Five years ago today, the Code was unleashed upon an unsuspecting world. Five years. One can scarcely remember what our world was like back then, for so much has changed--changed because of the Code.
Unless we deliberately take time to look back now and again, it's easy to forget that highsec and EVE weren't always the way they are now. It's easy to lose sight of the great transformations that have taken place and are still taking place. That's why June 24th is Code Day. So we can catch a glimpse of the bigger picture.
With that in mind, I'd like to examine the present state of highsec and EVE. But, in fact, there are two EVEs today, and they are in two very different conditions. There is the EVE of highsec, which is under the firm and ever-tightening control of the New Order, subjected daily to all the benefits of said control. And there is the EVE of the outer regions, dominated by the powers of nullsec.
Today we'll talk about the outer regions. The state of that EVE is...
Traditionally, nullsec has been the stage upon which EVE was played. Nullsec represented EVE's purpose; the rest of EVE existed merely to supply nullsec with ships, equipment, money, and new players. You might say that highsec and lowsec were nullsec's feeder corp.
In turn, nullsec provided EVE with, well, EVE. Nullsec was EVE's content. It produced the titanic wars and epic stories which made EVE famously "more fun to read about than to play". That drama and those great wars were EVE's unique selling point. And a game with spreadsheets for its UI certainly needed a unique selling point.
The state of that nullsec, that EVE, is what I am going to talk about first. It's not going to be pretty. You may consider my darkened portrait above to represent a Real Talk Warning. I don't want to get any EVEmails from people saying, "Nobody told me there would be real talk. If you had warned me, I would've bought a permit!"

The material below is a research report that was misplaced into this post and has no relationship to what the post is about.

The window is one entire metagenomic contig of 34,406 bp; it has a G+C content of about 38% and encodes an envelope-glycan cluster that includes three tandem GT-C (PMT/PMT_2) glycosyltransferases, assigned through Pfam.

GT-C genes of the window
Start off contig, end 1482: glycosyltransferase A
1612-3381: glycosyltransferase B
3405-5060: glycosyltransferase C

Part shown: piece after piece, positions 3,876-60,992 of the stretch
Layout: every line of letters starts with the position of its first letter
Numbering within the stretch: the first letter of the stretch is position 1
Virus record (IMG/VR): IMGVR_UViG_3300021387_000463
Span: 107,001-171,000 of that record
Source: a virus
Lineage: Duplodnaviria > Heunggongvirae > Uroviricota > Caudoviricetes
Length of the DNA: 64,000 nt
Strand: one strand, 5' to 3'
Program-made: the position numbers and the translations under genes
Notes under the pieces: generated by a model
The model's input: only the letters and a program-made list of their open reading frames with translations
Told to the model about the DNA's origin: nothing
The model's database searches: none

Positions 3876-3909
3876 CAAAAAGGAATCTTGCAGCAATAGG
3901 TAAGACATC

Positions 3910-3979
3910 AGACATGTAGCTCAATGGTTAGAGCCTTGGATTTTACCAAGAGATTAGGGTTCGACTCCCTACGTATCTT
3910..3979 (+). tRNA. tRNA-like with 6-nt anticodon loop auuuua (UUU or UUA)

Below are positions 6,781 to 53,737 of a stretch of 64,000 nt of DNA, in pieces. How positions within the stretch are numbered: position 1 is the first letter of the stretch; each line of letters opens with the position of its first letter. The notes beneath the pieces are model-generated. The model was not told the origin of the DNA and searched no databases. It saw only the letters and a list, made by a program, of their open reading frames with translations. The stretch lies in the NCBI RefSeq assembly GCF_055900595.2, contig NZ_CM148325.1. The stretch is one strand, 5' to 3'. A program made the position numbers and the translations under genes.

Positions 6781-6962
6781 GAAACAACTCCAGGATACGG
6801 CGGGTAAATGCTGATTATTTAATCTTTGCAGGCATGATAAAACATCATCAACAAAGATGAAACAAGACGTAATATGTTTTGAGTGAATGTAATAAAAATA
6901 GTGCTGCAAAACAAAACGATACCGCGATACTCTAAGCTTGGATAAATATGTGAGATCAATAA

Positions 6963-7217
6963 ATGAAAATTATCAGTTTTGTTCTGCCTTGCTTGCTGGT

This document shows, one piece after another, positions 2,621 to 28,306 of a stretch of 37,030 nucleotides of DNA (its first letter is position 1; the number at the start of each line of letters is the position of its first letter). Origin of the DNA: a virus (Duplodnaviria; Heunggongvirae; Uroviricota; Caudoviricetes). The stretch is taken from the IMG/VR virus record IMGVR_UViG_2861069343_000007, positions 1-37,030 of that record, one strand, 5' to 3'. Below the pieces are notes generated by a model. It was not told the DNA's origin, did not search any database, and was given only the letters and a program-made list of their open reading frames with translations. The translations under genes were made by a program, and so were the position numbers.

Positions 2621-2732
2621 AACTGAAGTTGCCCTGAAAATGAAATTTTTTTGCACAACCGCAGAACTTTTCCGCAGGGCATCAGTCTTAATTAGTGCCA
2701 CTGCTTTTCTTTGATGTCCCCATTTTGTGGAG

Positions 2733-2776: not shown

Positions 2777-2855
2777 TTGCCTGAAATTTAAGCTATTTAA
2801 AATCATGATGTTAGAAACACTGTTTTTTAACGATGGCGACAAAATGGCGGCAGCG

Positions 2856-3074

Let's not mince words. The traditional EVE is in a state of the deepest despair and pessimism. Never before has it descended into a state of such utter darkness and disrepair.
You answer, "What about the Summer of Rage? EVE lost more subscribers and had to fly The Mittani to Iceland for an emergency summit."
Ah, but back then EVE had far more subscribers to lose. The rage was hotter because people still had the capacity to feel something for EVE. CCP still cared enough to call upon The Mittani, as humiliating as it was for them to do so. Ours is the Summer of Apathy. The players do not organize protests to demand change; they simply melt away.
In late 2016, EVE's subscription numbers, as reflected by the number of logged-in players (CCP no longer releases subscription data) were in a terrible state. CCP broke with EVE tradition by offering free-to-play alpha accounts. Logged-in player numbers skyrocketed, and then utterly collapsed over the next several months.